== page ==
Here are some interesting finds on UI/UX of the week!
Voice UI. Very interesting article hailing from the Fast Company, focused on the building of Voice UI. The article goes into details on how to effectively create a successful experience based on voice, showcasing such important elements as scripts, specific jargon and even useful prototyping tools for designers embarking on projects of this nature. Highlight of the article includes:
“Whether a user is talking to a brand directly or the voice service is acting as a middleman has massive implications for creating effective user experiences. Designers should be aware of and design for those differences. Case in point: Because Google Assistant requires third-party apps to use a different voice, there is an explicit transition at the start of the app, and the user is more aware they are actively using an app. This may help users of a banking app understand when their sensitive financial information may be overheard by someone else in the room. On Amazon Alexa, the third-party experience is more seamless, which may leave users unclear as to whether they’re speaking with Alexa or their bank, or worse, if someone else in the room may be speaking to their bank. A designer may want to include a distinct audio signature, such as a welcome jingle, to better communicate to users they are now speaking to their banking app.”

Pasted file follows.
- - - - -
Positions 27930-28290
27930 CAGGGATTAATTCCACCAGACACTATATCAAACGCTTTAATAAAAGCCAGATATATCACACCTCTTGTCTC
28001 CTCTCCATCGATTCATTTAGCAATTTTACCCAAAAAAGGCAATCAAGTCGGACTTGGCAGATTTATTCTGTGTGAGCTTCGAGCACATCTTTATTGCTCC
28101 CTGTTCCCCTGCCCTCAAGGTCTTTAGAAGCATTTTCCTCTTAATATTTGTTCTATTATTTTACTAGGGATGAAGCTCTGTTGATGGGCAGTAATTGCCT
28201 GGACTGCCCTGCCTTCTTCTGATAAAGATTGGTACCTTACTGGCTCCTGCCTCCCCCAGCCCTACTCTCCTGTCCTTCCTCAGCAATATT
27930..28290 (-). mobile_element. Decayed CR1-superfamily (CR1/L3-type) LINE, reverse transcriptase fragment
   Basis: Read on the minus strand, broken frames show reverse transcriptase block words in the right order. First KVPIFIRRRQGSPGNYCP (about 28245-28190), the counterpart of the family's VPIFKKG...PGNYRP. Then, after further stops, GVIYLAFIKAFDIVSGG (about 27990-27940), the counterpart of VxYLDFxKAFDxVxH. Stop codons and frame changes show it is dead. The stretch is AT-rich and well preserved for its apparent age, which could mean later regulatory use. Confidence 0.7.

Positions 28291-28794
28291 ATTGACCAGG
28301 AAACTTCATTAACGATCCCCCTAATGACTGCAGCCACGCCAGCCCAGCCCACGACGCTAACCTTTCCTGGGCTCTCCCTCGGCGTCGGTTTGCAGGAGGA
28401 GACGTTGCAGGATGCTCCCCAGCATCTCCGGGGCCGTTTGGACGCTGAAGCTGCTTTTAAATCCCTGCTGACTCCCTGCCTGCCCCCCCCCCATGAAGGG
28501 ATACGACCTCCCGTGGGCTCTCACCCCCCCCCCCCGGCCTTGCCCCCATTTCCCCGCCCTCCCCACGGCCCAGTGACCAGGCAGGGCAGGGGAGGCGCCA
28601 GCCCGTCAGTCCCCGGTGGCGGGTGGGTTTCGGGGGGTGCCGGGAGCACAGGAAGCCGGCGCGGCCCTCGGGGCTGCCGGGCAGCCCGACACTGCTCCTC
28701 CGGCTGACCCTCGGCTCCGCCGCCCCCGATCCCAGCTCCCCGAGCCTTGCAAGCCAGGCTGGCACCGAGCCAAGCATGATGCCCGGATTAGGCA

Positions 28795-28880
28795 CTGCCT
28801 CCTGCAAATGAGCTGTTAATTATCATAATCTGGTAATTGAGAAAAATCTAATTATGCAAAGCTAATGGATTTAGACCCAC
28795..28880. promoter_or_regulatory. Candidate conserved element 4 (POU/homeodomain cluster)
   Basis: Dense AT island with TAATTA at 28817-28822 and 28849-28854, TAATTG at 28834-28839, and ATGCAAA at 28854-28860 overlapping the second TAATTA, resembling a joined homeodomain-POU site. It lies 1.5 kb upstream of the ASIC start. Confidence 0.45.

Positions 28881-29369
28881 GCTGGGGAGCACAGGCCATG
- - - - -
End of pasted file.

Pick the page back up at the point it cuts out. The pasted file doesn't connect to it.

Better Notifications. Another impeccable article from Smashing Magazine on the topic of notifications. The article thoroughly details the differences and experiences associated with different types of notifications, namely the informational ones and the ones that encourage action. It also sheds light on topics such as timeliness of notifications, grouping notifications in order to avoid frequency of them, the opportunity to snooze them, among other important elements to contemplate. Highlight of the article includes:
“The bottom line is: start sending notifications slowly but steadily; set up notification modes, and provide granular options such as a choice of triggers and the format of notifications. Better send too little than too much: you might not get another chance should the customer wish to opt out from numerous notifications that are getting on their nerves at just the wrong time.”
Transparency. The topic of transparency is something that I’ve mentioned in a few of my articles, and something that Fast Company highlights in this article. It’s an opportunity to essentially distill what the meaning of transparency means in these days, where everything is scrutinized and viewable by everyone. It’s particularly interesting as how it relates to the design industry, and how products should be designed with honesty, clarity and transparency in mind. Highlight of the article includes:
“There will often be legitimate reasons to be less than totally transparent. As a business owner, you have to protect yourself from your competitors, and you don’t want to violate some confidentiality commitment to your partners or customers. At times, it’s better to wait for the full picture to become clear before presenting a partial or misleading one, or to ensure the affected people know and consent before you make it public. Striving to be as transparent as is appropriate is what it’s all about. Transparency is not a binary state, but a state of mind.”